Saturday, August 30, 2014

Gibson ES-335 Headstock Repair

This is a Gibson ES-335 which is feeling a little under the weather.  Some time ago it suffered the classic Gibson headstock fracture, presumably when it hit the floor.  It was dealt with by the repair department of a well-known music shop and unfortunately the repair didn't hold.

Why?  There's a lot of surface area and all things considered it was a clean break.  It's very difficult to tell from the photos, but I suspect the joint was clamped tightly together and thin viscosity super glue was wicked into it.  This probably wasn't the best choice of adhesive. Cyanoacrylate glues are very brittle and don't have great shock resistance. Hide glue is also brittle but it also has much greater cohesive strength.   I now have to deal with a joint that has its mating surfaces sealed with plastic.  Epoxy seemed the safest choice.
The black fiber headstock facing was kind enough to bend rather than break and hold things together. The fracture runs right through the truss rod cavity, and I was sure to back the nut off and lubricate it well before applying glue.  I also used some tape in there to try and keep infiltration at bay.

I used a high-quality epoxy with a relatively low viscosity, so I had to mask things off carefully.
Clamping cauls are padded with cork and protected with packing tape. This is important because enough pressure is applied to dent the surface of lacquer! The previous repair guy left a divot right behind the first fret...

Things came together nicely, and it was time to add reinforcements. I don't usually use them on first-time breaks, but this guitar sees a lot of hard playing and this being the second repair, I thought they'd be added insurance. I mapped out the truss rod and figured out where I wanted them to be.
Here's my low-tech spline cutting jig.  It's just a platform that's sized to fit the base of my laminate-trimmer with no play. It allows 1-3/4" of travel. The depth adjustment on most laminate trimmers isn't very precise - the router isn't held perfectly concentric with the base so when you increase the cut the channel often ends up with stepped walls.  I eliminate that problem by using inserts which raise the base off the jig in 1/8" increments.  I make a pass, stop the router, remove an insert and repeat.  It works well.  To do the cutting I like a high-speed steel spiral upcut bit.  These don't last as long as carbide, but they're far sharper and less prone to chipping the finish on the margins of the cut. They also make excellent plunge cuts in hard material.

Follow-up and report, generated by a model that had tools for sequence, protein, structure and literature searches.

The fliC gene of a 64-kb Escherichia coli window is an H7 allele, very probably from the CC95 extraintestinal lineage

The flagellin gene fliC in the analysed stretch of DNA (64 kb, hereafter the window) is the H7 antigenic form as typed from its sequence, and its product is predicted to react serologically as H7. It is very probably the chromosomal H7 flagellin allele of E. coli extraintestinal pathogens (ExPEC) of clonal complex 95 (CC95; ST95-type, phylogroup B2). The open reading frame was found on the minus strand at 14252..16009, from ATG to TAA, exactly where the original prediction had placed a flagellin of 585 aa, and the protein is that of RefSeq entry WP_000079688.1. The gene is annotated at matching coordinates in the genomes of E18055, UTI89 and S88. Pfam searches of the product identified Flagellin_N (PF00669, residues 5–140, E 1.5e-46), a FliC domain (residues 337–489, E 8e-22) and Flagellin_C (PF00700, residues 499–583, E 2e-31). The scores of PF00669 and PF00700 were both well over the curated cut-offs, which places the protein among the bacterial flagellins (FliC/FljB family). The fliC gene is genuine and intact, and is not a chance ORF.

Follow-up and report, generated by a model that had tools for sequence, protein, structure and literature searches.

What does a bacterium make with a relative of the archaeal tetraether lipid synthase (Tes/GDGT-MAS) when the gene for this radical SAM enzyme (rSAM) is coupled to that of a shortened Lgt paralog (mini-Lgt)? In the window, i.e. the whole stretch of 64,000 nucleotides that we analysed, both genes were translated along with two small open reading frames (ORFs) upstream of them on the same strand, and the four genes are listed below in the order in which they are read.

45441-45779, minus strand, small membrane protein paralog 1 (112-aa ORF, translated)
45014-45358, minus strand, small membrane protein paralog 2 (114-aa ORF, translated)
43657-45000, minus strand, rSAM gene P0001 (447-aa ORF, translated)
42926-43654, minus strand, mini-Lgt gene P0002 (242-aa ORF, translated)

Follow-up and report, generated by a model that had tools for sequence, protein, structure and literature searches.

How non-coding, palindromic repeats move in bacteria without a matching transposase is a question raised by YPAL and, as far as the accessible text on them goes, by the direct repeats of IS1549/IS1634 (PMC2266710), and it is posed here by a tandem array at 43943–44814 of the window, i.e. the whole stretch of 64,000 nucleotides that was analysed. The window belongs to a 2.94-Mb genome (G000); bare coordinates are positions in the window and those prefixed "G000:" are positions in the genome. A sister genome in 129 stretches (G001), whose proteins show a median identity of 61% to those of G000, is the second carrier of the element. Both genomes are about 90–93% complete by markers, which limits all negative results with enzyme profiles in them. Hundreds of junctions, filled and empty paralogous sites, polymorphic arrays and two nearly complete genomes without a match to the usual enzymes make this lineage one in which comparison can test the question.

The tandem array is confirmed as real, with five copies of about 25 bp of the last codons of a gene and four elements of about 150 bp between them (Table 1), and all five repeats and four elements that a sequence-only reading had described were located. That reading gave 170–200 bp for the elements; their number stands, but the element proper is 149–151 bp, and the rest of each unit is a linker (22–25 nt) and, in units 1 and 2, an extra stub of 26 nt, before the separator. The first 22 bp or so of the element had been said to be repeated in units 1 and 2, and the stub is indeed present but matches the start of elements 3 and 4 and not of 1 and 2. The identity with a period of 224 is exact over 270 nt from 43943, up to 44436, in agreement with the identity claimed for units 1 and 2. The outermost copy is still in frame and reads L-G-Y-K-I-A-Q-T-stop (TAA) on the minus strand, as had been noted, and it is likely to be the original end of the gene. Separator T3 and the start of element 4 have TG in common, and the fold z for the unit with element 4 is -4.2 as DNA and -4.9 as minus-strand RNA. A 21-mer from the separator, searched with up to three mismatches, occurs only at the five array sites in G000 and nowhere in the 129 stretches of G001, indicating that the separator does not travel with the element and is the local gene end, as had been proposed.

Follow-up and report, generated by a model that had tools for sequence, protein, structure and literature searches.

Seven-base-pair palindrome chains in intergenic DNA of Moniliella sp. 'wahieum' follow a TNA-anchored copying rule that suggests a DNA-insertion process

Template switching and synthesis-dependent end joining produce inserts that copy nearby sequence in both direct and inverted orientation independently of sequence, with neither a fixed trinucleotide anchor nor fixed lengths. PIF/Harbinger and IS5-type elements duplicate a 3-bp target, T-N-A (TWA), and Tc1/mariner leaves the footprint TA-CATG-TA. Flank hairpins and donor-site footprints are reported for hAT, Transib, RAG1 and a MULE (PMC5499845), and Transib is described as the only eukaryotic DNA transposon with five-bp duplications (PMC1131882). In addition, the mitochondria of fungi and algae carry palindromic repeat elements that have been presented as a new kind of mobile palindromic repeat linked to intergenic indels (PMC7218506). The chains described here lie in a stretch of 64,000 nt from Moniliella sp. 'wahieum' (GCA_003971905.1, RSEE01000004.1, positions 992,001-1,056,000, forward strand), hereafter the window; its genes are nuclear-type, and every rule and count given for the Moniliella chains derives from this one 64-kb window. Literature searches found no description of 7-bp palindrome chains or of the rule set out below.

The jig in place.  The surfaces are padded, and there's a 15 degree bevel on the right side.  I measure the depth carefully so as not to rout completely through the headstock. (That would be baaaad....)
Here are some splines from African mahogany. I take time to make sure they fit really closely before gluing them in with standard wood glue. Carving away the excess comes next, which is fun!  The goal is to match the contours as closely as possible without damaging the surrounding lacquer.  In the end it's important to know when you've reached "good enough".
A dab of color, a smear of lacquer, a little buffing by hand and it's ready to play again.